Ventilators most often are used:
- During surgery if you're under anesthesia (that is, if you're given medicine that makes you sleep and/or causes a loss of feeling)
- If a disease or condition impairs your lung function
If you have general anesthesia during surgery, you'll likely be connected to a ventilator. The medicines used to induce anesthesia can disrupt normal breathing. A ventilator helps make sure that you continue breathing during surgery.
After surgery, you may not even know you were connected to a ventilator. The only sign may be a slight sore throat for a short time. The sore throat is caused by the tube that connects the ventilator to your airway.
Once the anesthesia wears off and you begin breathing on your own, the ventilator is disconnected. The tube in your throat also is taken out. This usually happens before you completely wake up from surgery.
However, depending on the type of surgery you have, you could stay on a ventilator for a few hours to several days after your surgery. Most people who have anesthesia during surgery only need a ventilator for a short time, though.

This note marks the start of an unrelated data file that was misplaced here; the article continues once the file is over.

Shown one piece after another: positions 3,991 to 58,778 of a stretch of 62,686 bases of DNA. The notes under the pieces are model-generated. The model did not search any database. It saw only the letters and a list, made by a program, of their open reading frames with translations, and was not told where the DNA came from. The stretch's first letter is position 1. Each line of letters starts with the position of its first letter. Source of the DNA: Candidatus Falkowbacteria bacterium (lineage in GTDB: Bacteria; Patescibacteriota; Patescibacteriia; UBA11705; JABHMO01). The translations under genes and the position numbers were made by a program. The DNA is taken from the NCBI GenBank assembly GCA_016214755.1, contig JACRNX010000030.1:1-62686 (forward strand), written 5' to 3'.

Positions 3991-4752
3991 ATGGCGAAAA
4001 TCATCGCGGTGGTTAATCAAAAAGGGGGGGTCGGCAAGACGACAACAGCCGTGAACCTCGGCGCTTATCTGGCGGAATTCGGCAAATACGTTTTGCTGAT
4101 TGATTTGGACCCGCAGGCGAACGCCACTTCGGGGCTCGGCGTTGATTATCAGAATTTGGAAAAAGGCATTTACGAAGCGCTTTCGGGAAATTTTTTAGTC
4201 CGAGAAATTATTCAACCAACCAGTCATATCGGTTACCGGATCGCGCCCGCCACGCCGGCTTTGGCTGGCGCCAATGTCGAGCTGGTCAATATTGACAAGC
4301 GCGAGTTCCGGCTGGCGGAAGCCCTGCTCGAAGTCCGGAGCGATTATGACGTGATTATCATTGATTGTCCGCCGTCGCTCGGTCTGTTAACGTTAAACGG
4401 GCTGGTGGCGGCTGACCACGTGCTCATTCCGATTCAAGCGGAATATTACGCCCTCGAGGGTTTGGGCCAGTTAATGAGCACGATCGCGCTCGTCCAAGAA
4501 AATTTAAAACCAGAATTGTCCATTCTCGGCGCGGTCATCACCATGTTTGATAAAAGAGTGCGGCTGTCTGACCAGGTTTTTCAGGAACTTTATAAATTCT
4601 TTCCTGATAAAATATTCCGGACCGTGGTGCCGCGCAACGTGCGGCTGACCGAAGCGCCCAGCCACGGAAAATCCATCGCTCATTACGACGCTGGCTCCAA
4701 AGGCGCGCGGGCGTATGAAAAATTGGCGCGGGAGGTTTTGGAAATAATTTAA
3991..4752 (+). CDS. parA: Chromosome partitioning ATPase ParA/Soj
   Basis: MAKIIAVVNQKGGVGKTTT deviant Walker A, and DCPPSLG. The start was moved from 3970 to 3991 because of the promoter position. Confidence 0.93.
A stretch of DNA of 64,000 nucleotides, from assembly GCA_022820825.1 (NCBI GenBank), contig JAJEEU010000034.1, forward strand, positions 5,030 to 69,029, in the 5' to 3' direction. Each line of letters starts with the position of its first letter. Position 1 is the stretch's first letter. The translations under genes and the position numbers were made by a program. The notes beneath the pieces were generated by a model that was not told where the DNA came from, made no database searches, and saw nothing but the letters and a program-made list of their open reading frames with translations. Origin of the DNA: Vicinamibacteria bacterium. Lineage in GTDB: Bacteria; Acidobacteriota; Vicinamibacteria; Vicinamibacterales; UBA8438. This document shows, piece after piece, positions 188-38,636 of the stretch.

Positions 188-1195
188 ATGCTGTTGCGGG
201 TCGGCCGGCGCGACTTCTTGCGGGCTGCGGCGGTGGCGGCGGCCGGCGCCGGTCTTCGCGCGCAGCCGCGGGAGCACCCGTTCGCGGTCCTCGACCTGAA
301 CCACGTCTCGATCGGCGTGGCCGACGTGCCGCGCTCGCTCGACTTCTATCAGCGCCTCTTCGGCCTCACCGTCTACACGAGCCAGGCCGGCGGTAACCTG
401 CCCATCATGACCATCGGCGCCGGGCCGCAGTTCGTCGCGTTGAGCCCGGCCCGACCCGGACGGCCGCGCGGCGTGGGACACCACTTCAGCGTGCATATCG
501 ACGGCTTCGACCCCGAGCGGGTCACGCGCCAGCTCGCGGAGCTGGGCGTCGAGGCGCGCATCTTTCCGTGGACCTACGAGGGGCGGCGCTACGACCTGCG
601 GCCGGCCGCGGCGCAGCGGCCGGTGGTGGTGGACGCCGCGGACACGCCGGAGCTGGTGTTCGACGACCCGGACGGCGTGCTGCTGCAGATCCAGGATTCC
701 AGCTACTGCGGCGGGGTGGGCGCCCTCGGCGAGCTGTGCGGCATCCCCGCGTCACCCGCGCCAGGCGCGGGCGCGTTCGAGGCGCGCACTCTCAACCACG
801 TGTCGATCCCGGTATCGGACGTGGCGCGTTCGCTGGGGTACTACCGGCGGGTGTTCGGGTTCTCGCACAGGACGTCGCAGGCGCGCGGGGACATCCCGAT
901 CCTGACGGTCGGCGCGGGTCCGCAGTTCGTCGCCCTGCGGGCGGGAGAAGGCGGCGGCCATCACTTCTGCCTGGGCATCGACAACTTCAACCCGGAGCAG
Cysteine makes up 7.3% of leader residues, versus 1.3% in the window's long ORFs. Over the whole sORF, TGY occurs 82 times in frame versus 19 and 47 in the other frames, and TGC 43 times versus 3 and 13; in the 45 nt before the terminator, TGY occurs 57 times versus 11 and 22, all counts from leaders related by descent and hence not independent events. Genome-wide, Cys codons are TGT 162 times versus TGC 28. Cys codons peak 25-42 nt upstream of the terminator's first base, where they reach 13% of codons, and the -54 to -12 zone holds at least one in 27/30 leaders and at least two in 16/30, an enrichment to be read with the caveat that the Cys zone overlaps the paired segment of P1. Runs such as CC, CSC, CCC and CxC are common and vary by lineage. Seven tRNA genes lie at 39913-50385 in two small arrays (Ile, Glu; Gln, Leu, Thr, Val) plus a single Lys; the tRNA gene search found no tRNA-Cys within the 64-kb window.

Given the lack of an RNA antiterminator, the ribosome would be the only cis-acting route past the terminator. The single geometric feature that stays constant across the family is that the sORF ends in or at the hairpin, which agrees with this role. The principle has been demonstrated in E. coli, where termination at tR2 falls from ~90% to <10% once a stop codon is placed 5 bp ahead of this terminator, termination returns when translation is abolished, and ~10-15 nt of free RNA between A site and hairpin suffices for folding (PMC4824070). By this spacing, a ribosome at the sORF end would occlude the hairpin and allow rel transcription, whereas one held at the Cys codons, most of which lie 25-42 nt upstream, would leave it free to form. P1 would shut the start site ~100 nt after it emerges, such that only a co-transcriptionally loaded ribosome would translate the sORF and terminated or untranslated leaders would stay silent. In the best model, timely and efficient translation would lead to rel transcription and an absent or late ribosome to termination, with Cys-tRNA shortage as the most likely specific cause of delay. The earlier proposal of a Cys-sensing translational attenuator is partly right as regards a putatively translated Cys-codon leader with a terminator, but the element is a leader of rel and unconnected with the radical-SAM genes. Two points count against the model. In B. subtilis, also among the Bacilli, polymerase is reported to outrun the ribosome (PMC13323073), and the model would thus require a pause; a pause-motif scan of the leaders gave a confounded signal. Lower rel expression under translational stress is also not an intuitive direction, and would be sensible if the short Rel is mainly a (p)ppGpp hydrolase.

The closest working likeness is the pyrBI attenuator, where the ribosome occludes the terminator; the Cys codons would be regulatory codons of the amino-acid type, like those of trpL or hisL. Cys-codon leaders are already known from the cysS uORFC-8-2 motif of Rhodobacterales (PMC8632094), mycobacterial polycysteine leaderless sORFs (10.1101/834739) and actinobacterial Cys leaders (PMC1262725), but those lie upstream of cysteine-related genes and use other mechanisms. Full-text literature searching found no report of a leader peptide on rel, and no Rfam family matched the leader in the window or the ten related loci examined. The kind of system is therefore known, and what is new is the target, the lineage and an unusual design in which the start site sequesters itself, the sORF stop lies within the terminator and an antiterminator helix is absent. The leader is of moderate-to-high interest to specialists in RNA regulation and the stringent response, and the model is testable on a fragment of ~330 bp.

For Impaired Lung Function
You may need a ventilator if a disease, condition, or other factor has impaired your breathing. Although you might be able to breathe on your own, it's very hard work. You may feel short of breath and uncomfortable. A ventilator can help ease the work of breathing. People who can't breathe on their own also use ventilators.
Many diseases, conditions, and factors can affect lung function. Examples include:
- Pneumonia (nu-MO-ne-ah) and other infections
- COPD (chronic obstructive pulmonary disease) or other lung diseases
- Upper spinal cord injuries, polio, amyotrophic lateral sclerosis (ALS), myasthenia gravis, and other diseases or factors that affect the nerves and muscles involved in breathing
- Brain injury or stroke
- Drug overdose
A ventilator helps you breathe until you recover. If you can't recover enough to breathe on your own, you may need a ventilator for the rest of your life.